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Formal method of specifying context-free grammars originally proposed by John Backus, and slightly improved by Peter Naur in his 1960-01-02 committee document contributing to what became the Algol 60 report. See section Languages and Context-Free Grammars.
Grammars specified as rules that can be applied regardless of context. Thus, if there is a rule which says that an integer can be used as an expression, integers are allowed anywhere an expression is permitted. See section Languages and Context-Free Grammars.
Allocation of memory that occurs during execution, rather than at compile time or on entry to a function.
Analogous to the empty set in set theory, the empty string is a character string of length zero.
A "machine" that has discrete states in which it is said to exist at each instant in time. As input to the machine is processed, the machine moves from state to state as specified by the logic of the machine. In the case of the parser, the input is the language being parsed, and the states correspond to various stages in the grammar rules. See section The Bison Parser Algorithm.
A parsing algorithm that can handle all context-free grammars, including those that are not LALR(1). It resolves situations that Bison's usual LALR(1) algorithm cannot by effectively splitting off multiple parsers, trying all possible parsers, and discarding those that fail in the light of additional right context. See section Generalized LR Parsing.
A language construct that is (in general) grammatically divisible; for example, `expression' or `declaration' in C. See section Languages and Context-Free Grammars.
An arithmetic operator that is placed between the operands on which it performs some operation.
A continuous flow of data between devices or programs.
One of the typical usage schemas of the language. For example, one of
the constructs of the C language is the
See section Languages and Context-Free Grammars.
Operators having left associativity are analyzed from left to right: `a+b+c' first computes `a+b' and then combines with `c'. See section Operator Precedence.
A rule whose result symbol is also its first component symbol; for example, `expseq1 : expseq1 ',' exp;'. See section Recursive Rules.
Parsing a sentence of a language by analyzing it token by token from left to right. See section The Bison Parser Algorithm.
A function that reads an input stream and returns tokens one by one.
See section The Lexical Analyzer Function
A flag, set by actions in the grammar rules, which alters the way tokens are parsed. See section Lexical Tie-ins.
A token which consists of two or more fixed characters. See section Symbols, Terminal and Nonterminal.
A token already read but not yet shifted. See section Lookahead Tokens.
The class of context-free grammars that Bison (like most other parser generators) can handle; a subset of LR(1). See section Mysterious Reduce/Reduce Conflicts.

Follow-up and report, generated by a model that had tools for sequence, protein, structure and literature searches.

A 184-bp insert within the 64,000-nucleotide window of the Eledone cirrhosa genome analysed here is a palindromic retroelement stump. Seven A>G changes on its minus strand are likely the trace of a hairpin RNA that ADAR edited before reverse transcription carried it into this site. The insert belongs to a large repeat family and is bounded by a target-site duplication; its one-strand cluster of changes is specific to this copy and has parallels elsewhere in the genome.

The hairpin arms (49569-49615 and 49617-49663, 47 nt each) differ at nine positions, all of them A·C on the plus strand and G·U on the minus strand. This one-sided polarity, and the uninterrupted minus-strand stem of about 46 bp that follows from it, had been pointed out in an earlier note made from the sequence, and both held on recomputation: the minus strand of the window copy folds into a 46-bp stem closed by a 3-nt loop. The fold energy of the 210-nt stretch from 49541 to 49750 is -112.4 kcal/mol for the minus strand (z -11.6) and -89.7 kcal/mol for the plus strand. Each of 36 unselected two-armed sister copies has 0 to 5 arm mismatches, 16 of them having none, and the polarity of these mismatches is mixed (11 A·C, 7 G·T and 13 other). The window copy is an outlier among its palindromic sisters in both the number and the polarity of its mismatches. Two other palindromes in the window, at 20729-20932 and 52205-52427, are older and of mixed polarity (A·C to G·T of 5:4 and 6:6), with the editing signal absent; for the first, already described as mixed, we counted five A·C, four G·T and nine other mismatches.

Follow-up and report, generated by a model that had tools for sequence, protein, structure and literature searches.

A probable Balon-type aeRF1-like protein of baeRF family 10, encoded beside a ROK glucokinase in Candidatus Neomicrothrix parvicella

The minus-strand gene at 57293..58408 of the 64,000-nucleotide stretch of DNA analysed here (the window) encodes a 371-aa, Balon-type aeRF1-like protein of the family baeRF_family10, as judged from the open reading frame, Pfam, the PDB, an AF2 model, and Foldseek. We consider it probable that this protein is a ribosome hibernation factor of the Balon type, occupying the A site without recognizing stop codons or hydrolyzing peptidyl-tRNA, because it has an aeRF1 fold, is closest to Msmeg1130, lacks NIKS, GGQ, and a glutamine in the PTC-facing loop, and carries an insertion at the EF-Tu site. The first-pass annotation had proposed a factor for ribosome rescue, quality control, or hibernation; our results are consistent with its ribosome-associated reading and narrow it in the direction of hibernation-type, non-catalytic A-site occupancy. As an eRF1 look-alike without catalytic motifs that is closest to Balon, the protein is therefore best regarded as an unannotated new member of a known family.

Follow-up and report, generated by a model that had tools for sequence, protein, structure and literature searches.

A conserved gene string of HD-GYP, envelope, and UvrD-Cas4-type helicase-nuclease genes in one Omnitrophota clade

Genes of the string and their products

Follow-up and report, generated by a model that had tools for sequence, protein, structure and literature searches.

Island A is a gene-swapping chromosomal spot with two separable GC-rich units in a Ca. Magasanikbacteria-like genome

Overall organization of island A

The class of context-free grammars in which at most one token of lookahead is needed to disambiguate the parsing of any piece of input.
A grammar symbol standing for a grammatical construct that can be expressed through rules in terms of smaller constructs; in other words, a construct that is not a token. See section Symbols, Terminal and Nonterminal.
A function that recognizes valid sentences of a language by analyzing the syntax structure of a set of tokens passed to it from a lexical analyzer.
An arithmetic operator that is placed after the operands upon which it performs some operation.
Replacing a string of nonterminals and/or terminals with a single nonterminal, according to a grammar rule. See section The Bison Parser Algorithm.
A reentrant subprogram is a subprogram which can be in invoked any number of times in parallel, without interference between the various invocations. See section A Pure (Reentrant) Parser.
A language in which all operators are postfix operators.
A rule whose result symbol is also its last component symbol; for example, `expseq1: exp ',' expseq1;'. See section Recursive Rules.
In computer languages, the semantics are specified by the actions taken for each instance of the language, i.e., the meaning of each statement. See section Defining Language Semantics.
A parser is said to shift when it makes the choice of analyzing further input from the stream rather than reducing immediately some already-recognized rule. See section The Bison Parser Algorithm.
A single character that is recognized and interpreted as is. See section From Formal Rules to Bison Input.
The nonterminal symbol that stands for a complete valid utterance in the language being parsed. The start symbol is usually listed as the first nonterminal symbol in a language specification. See section The Start-Symbol.
A data structure where symbol names and associated data are stored
during parsing to allow for recognition and use of existing
information in repeated uses of a symbol. See section Multi-Function Calculator:
An error encountered during parsing of an input stream due to invalid syntax. See section Error Recovery.
A basic, grammatically indivisible unit of a language. The symbol that describes a token in the grammar is a terminal symbol. The input of the Bison parser is a stream of tokens which comes from the lexical analyzer. See section Symbols, Terminal and Nonterminal.
A grammar symbol that has no rules in the grammar and therefore is grammatically indivisible. The piece of text it represents is a token. See section Languages and Context-Free Grammars.
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